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Sue picks a number from 0 to 3.

Tom asks questions about the number, with yes/no answers. For example, "Is it odd" or "Is it 3?"

If Sue picked X, she is allowed to lie at most X times. For example, if she picked zero, she must always tell the truth. If she chose any other number, she can decide each question whether to lie, until she runs out of lies, after which she must tell the truth.

Tom wants to minimize the average number of questions. Sue wants to maximize it.

I think Sue's best strategy is random. Sometimes choose $0$, sometimes tell the truth when she doesn't have to. What is her strategy, and how many questions does Tom need on average?

Wei Hua Huang posed this in rec.puzzles newsgroup twenty years ago. I think we solved the worst-case number of questions, but not the average.

EDIT:

To compare, suppose Sue can pick 0 or 1, and may lie once if she picks 1.

Tom asks 'Is it 1?'. Suppose Sue says no. If she picked 1, then she has used up her lie. So, whether Sue picked 0 or 1, she has no lies left. Tom asks 'Is it 1?' again, and will get a correct answer.

Suppose Sue says yes to Tom's first question. She can't say yes if she picked $0$, so Tom now knows Sue picked $1$.

So Sue's best strategy is to say no, and it will take Tom two guesses.

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  • 1
    $\begingroup$ When the game ends? $\endgroup$ – Sergio Parreiras May 22 '14 at 3:54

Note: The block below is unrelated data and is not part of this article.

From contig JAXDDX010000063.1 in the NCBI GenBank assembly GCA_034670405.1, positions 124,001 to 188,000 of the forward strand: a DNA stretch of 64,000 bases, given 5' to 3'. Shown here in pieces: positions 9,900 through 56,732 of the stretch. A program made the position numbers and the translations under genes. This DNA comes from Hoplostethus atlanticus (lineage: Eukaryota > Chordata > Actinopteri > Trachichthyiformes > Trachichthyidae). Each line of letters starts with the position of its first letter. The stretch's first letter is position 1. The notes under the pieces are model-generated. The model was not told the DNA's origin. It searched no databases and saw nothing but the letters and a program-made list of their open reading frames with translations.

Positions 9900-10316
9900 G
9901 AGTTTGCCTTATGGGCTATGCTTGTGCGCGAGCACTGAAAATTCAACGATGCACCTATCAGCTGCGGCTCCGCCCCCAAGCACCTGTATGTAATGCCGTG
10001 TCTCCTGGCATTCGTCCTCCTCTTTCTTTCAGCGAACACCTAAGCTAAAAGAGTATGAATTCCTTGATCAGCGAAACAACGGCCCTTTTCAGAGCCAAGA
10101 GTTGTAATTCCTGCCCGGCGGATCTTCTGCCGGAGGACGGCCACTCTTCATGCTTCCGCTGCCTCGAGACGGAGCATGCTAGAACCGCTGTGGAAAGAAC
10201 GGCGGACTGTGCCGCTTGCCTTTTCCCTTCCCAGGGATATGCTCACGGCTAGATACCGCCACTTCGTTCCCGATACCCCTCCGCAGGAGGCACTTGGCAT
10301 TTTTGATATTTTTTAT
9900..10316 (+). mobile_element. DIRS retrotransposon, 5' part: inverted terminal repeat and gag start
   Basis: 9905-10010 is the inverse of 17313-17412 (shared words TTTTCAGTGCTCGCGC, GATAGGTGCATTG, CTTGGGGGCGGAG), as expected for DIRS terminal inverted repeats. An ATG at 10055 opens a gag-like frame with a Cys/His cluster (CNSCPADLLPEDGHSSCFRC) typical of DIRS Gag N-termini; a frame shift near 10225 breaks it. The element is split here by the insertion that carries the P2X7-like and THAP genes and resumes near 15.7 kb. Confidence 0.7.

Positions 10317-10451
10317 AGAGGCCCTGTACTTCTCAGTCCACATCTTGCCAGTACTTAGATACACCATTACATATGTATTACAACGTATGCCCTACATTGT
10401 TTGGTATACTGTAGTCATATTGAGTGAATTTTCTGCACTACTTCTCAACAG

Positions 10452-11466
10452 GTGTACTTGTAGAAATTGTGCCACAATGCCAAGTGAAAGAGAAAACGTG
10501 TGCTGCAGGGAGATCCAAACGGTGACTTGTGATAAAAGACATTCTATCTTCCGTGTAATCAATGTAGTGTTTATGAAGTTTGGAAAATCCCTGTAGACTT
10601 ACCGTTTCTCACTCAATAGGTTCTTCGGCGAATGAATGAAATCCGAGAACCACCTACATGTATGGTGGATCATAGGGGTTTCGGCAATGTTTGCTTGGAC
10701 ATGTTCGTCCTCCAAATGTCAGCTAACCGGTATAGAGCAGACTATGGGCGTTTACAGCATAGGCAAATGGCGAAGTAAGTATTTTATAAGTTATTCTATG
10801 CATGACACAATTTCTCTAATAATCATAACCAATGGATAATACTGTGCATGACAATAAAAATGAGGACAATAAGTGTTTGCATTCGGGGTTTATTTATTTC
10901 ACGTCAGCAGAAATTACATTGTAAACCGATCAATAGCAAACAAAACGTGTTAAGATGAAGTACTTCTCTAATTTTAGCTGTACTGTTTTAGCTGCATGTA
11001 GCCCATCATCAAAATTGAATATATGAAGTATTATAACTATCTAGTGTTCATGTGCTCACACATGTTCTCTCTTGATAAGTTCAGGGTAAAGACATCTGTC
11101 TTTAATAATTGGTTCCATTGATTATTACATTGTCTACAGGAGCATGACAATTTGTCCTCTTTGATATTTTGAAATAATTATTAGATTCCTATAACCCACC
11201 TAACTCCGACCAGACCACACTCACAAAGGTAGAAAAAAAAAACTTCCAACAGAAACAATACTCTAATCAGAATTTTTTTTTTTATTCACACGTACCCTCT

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    $\begingroup$ When Tom is certain of Sue's card. Does the edit help? $\endgroup$ – Empy2 May 22 '14 at 11:47
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    $\begingroup$ Where can we find the original puzzle (worst-case) and its solution? $\endgroup$ – user21820 May 22 '14 at 14:24
  • $\begingroup$ I can sometimes find it. In Google Groups, the subject was "Guess my number", the group was rec.puzzles, Wei-Hwa Huang (who I misspelt earlier) asked it on 12 Oct 1999 $\endgroup$ – Empy2 May 22 '14 at 16:12
  • $\begingroup$ In the case of only two numbers: 0 and 1, do you also think Sue's optimal strategy is random? I maybe wrong but picking the highest number seems to be a weakly dominant action for Sue, no? $\endgroup$ – Sergio Parreiras May 22 '14 at 19:38
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We can verify each answer by asking:

Is it true to say, that if you were lying in the last question XOR you lie in this question, then $1$ is equal to $0$?

The answer for that question will be 'YES', if Sue told the truth in previous question and 'NO', if she lied, no matter if she's lying or telling the truth in this question.

Then we have:

  • Is it odd?
  • [verification]
  • Is it greater than 1?
  • [verification]

Which gives us 4 questions to be sure about the number.

We can also use this method of verification to turn every 'Guess the natural number of a liar' to normal 'Guess the natural number' (number of questions is just doubled)

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